Throughout late November and early December 1864, there was some concern of a Confederate boat attack on Morris Island, along the lines of that proposed by Brigadier-General Roswell Ripley. But when Brigadier-General Alexander Schimmelfennig returned from leave, he discounted such rumors.  Reporting to Major-General John Foster, he indicated all was routine around Charleston.  However, Schimmelfennig did direct repairs to defensive arrangements which had been neglected.  In particular on December 26, he directed “dry brush to be piled up in front of the forts and batteries on [Morris Island] where the ground admits, at a distance of from 200 to 300 yards.…”  This brush, placed out past musket distance from the fortifications, would be set on fire in the event of a Confederate attack.  The intent was, with the brush so far out in front of the works, for it to illuminate the ground directly in front of the works and leave the attackers silhouetted and easy targets.

At the same time, the Navy was concerned the Charleston Squadron, chiefly the ironclad rams CSS Charleston, CSS Palmetto State, CSS Columbia and CSS Chicora, would sortie out of Charleston in an attempt to break the blockade.  After all, the CSS Savannah was preparing to make just such a breakout when Savannah fell.  Shortly after Christmas, Captain Gustavus H. Scott, senior officer on the blockade outside Charleston, suggested to Rear-Admiral John Dahlgren that the Confederates were preparing for a breakout.  In response, Dahlgren took a break from matters at Hilton Head to visit the old front at Charleston.

Dahlgren felt secure the monitors on blockade duty at that time were sufficient to deal with the threat.  But he did remind the Navy Department that several of the monitors had been on station for quite some time.  That in mind, along with the growing possibility of an engagement, Dahlgren asked for replacements, “otherwise there is no small risk that one or two may become unserviceable.”

Coordinating with Schimmelfennig on December 29, Dahlgren downplayed any concerns:

Though I felt no apprehension as to the ability of the force here to maintain control of the anchorage, and even capture the rebel ironclads if they ventured out, yet, as I might be drawn in some other direction at the time, it seemed due to the perfect security of General Sherman’s base that no means should be omitted.  I have, therefore, reinforced the division, there are now seven monitors here, which I think places the question beyond doubt.

Seeking to coordinate for the contingency, Dahlgren related some of his thinking to the commander ashore:

In case the ironclads venture out, my plan will be to draw them as low down this anchorage as they will come, so as to make sure of the capture of the whole by making retreat impossible.

In such an event, will you please cause some of your heavy guns to be turned seaward, and scour the water with grape so as to clear out the torpedo boats which might be troublesome when engaged with the rams.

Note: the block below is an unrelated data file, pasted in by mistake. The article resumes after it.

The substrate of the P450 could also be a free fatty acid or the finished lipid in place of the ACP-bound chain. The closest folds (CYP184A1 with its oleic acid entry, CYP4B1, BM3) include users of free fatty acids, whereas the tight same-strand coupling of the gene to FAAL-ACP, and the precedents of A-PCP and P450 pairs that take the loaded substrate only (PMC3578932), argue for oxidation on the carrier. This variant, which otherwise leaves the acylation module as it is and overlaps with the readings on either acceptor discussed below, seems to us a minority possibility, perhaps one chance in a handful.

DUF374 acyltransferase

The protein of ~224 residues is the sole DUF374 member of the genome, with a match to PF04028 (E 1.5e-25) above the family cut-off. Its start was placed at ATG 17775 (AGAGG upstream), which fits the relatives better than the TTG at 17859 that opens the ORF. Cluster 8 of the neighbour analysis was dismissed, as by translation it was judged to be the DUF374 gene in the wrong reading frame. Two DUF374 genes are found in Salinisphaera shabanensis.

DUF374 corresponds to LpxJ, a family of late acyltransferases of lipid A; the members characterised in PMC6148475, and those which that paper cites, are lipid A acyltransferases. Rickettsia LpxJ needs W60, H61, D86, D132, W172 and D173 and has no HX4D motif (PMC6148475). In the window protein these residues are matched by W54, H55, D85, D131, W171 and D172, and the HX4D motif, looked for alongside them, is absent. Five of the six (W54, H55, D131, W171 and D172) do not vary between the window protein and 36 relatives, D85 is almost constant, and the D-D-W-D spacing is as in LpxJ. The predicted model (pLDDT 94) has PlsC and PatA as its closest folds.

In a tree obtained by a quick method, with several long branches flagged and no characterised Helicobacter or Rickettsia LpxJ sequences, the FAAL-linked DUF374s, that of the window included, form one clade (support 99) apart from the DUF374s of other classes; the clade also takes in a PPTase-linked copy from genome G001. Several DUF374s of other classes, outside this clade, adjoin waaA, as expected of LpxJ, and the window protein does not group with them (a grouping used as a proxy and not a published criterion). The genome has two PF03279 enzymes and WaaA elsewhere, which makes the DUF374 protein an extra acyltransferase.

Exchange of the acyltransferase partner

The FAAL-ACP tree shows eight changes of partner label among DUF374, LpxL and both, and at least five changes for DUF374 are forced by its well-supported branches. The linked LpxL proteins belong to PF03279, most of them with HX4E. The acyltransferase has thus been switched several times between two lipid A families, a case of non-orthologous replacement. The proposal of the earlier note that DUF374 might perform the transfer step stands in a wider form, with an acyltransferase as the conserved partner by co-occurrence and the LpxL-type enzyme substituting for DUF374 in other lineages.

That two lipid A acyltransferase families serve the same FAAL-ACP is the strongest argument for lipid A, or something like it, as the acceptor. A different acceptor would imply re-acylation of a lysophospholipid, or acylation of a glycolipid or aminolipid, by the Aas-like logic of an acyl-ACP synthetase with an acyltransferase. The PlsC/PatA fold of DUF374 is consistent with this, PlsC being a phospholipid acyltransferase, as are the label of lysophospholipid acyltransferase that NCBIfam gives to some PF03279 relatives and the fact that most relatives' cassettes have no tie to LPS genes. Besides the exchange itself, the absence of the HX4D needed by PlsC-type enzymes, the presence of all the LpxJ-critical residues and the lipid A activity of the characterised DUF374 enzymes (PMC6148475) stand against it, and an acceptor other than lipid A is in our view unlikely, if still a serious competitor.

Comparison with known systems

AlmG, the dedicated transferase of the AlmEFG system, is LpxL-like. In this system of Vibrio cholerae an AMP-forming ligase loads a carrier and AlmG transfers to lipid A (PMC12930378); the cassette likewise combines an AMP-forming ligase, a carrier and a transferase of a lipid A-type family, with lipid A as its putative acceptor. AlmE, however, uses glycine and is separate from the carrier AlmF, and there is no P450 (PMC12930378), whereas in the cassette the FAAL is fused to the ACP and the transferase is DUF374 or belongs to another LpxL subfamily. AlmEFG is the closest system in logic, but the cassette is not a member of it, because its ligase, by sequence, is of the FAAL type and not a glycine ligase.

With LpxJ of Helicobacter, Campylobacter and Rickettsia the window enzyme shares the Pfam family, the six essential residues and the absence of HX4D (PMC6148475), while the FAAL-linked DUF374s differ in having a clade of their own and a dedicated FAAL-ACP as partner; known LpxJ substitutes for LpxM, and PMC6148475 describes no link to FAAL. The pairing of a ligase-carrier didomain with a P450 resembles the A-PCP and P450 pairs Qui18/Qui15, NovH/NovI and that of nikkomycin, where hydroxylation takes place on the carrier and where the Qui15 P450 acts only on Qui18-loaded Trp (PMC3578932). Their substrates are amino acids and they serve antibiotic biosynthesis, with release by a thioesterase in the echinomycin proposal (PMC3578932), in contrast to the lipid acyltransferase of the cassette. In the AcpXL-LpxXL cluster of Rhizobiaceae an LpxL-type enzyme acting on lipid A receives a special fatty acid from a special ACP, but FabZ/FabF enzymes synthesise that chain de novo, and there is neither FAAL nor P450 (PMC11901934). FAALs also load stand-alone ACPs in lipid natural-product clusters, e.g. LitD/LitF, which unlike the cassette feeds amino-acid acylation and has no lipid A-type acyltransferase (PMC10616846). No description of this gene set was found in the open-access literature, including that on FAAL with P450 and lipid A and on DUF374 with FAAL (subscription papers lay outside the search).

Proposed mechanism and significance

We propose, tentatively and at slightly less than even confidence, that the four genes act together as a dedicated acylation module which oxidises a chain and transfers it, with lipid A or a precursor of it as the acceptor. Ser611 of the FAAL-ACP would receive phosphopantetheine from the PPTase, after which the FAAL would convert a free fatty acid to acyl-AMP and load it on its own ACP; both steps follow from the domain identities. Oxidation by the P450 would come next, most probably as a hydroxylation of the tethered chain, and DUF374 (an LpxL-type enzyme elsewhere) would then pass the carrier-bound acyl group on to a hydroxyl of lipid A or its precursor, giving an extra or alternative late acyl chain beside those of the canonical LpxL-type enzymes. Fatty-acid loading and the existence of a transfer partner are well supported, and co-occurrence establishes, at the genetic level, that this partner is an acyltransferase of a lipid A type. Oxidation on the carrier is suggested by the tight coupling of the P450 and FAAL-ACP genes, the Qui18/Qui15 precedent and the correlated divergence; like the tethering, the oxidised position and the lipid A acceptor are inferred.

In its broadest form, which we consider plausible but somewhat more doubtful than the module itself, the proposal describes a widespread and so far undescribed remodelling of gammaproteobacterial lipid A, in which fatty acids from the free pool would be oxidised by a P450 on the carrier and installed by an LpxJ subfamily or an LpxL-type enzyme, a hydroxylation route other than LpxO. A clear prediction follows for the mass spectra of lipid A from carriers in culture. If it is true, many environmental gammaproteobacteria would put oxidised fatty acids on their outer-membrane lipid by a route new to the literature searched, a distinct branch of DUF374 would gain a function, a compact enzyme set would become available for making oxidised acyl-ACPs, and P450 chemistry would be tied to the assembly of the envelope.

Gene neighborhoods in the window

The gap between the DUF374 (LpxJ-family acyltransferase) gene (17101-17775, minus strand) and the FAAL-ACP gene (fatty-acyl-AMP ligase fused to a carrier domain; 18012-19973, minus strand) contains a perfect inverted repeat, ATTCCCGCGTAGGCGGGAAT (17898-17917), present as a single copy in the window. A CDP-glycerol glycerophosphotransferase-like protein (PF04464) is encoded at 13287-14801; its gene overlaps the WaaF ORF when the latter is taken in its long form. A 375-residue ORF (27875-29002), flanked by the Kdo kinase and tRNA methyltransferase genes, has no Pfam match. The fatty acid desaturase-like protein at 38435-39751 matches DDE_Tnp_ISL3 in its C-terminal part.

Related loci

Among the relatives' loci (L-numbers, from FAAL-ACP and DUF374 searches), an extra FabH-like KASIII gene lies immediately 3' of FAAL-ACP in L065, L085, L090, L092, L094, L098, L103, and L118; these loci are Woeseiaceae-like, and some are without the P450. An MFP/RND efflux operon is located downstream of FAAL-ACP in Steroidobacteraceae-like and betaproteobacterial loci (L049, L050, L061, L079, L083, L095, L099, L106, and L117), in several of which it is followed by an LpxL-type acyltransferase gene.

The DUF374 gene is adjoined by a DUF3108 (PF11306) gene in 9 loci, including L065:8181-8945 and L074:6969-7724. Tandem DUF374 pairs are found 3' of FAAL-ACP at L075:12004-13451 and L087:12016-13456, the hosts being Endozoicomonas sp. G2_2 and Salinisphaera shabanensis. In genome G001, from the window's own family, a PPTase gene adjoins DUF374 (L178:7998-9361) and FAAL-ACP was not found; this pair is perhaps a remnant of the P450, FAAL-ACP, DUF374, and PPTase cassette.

Having seen the defenses of Savannah up close, and concerned the Confederates might further improve the defenses of Charleston, Dahlgren added:

The rebels will, no doubt, endeavor to increase the obstructions in the harbor, and some grape or mortar shells at night from your guns near Johnson and the Middle Ground would stop them.  The naval battery will assist in this if you think proper.

After seeing the works about Savannah and the obstructions in the rivers (Savannah, Tybee, Vernon, and the Ogeechee), I am satisfied it was impregnable to any force in any direction save where it was assailed by General Sherman.

To Captain Scott, Dahlgren provided detailed contingency plans on December 31.  Scott was told to ensure the monitors and blockaders act in consort in the case of attack, and not as single units.  Particularly, Dahlgren wanted no monitors “separated from the main body before they can receive assistance.”  Altering the normal arrangements, Dahlgren specified that:

At night, if the weather is suitable, four monitors are to be pushed in advance, the other three in reserve at a convenient distance, and two of them may be allowed to draw fire under one boiler at a time to clean and repair, but even these vessels should be made available if an attack is made.

To counter torpedo boats and laying additional obstructions, Dahlgren called for alert picket boats (though without mention of a picket boat captured earlier in the month).  In the event of a torpedo boat attack, the monitors and the land batteries were to “scour the water with grape at intervals.”

In the event the ironclads moved out of the harbor, Dahlgren’s orders to Scott reflected the intentions voiced to Schimmelfennig:

It will be an object to draw them as much as possible under the fire of our land batteries, and to avoid exposing the monitors to their batteries…. The lower down the channel they can be drawn into action the less probable it will be that any escape.  If high up and beaten, they will find protection under their own batteries on Sullivan’s Island, South Carolina.

A sound plan.  But not one that would see a need. The Confederate squadron in Charleston was bottled up for similar reasons the Savannah Squadron had been doomed weeks before.

(Citations from OR, Series I, Volume 44, Serial 92, page 819; ORN Series I, Volume 16, pages 151-4.)